An indispensable element of the Bible, water is considered in the Old and New Testaments as a symbol of Purification and Rebirth. 

In the Bible, the theme of water recurs several times, its first appearance being in Genesis (1,1) where the Creator is presented as the one who acts through his Spirit on the cosmic waters. Its function is however ambivalent. On the one hand, the call of water takes on a strongly negative, destructive connotation - let us think of the Universal Flood. On the other hand, the element of water recalls decisive historical events, let us think of the Passage through the Sea of the Jewish People fleeing from Pharaoh to the Promised Land.

Water is considered as the principle of Death and Life and when talking about water it is impossible not to acknowledge its purifying and regenerating power. This is the role entrusted to holy water, whose use is shown to us in the New Testament by Saint John. The Baptism of Jesus by his cousin, John the Baptist, presents and emphasises the other very important aspect linked to this element.

The episode is narrated by the three Evangelists Luke, Mark and Matthew, but not by John, who only deals with the Descent of the Holy Spirit, leaving out his Baptism.

It is with the spirit of Purification that John baptises Jesus.

The Messiah, then in his thirties, went to the river Jordan and waited in line watching the crowd of Penitents preparing for the Rite of Purification and Forgiveness. As John baptised the people present, seeing the Messiah and recognising him, the Baptist said: "I baptize you with water. But one who is more powerful than I will come, the straps of whose sandals I am not worthy to untie. He will baptize you with the Holy Spirit and fire." And behold, while all the people were being baptized, and Jesus, who had also received Baptism, was praying, the Heavens were opened and the Holy Spirit descended upon him in bodily form, like a Dove, and there came a voice from Heaven:

"This is My beloved Son, in whom I am well pleased " (Luke 3, 15 -16. 21 - 22).

The waters into which Jesus immerses himself become the waters of Salvation, into which we are all immersed as "Sons of Sons". The reflection matured during the General Audience of 2 May 2018 by Pope Francis on Baptism and the Holy Water is well known.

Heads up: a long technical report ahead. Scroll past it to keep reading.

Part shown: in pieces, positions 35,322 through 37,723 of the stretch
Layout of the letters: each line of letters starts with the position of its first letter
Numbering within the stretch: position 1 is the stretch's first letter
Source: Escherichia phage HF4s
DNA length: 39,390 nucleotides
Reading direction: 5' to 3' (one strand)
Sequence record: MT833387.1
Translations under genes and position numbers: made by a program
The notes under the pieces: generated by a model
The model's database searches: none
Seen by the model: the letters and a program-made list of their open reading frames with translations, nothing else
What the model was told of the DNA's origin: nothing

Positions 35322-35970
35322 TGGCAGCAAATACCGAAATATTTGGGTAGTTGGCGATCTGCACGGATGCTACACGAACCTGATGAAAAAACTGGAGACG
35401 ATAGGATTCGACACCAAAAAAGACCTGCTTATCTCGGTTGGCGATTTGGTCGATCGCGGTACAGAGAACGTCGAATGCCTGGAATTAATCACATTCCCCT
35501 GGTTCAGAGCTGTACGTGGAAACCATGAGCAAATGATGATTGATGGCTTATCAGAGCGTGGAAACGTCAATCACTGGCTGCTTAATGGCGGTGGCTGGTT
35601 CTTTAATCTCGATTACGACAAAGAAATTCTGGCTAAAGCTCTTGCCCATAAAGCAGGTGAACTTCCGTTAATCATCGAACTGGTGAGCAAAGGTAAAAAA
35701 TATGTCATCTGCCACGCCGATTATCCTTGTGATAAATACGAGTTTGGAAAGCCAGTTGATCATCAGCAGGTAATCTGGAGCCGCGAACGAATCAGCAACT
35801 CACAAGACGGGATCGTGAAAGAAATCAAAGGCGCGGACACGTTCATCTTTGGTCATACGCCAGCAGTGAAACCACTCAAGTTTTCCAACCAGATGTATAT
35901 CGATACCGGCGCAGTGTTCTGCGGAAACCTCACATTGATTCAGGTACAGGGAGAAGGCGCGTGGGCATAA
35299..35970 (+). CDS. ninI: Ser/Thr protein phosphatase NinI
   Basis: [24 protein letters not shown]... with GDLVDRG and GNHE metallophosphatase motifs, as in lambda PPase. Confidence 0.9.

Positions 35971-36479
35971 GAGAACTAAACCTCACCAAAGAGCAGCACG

"Let us consider first and foremost the water, on which the power of the Holy Spirit is invoked so that it may have the capacity to regenerate and renew. Water is the matrix of life and wellbeing, whereas its absence causes all fruitfulness to die out. Water, however, can also be a cause of death, when, in great quantity, it engulfs everything. Lastly, water has the capacity to purify. Beginning with this natural, universally recognized symbolism, the Bible describes God’s interventions and promises with the sign of water."

The baptismal holy water thus enables us to be born again in Christ.

But how is Holy Water prepared and what is its function in addition to the sacraments and outside church walls?

An essential component in its preparation is certainly salt. Salt, known for its powerful purifying and healing powers, is blessed and added to the water. The blessing of salt originates from the prophet Elisha's healing of the water.

In the 2nd Book of Kings, we find the story of Elijah's heir.

When Elisha arrived in the city of Jericho, he was confronted by the inhabitants of the city who complained of a lack of water. The Prophet went to the spring, poured salt into it and said: "This is what the Lord says: ‘I have healed this water. Never again will it cause death or make the land unproductive."

Water is therefore traditionally shown to be able to erase venial sins, and using it would ward off evil and diabolical spirits. Having a small bottle of Holy Water at home is useful in various situations. Like any sacrament, it helps us to ask the Holy Spirit for help for the good of our souls and bodies.

Its use is very simple and does not require any great theological knowledge.

It is sufficient to open the bottle, wet your fingers, make the sign of the Cross and entrust your heart to God.

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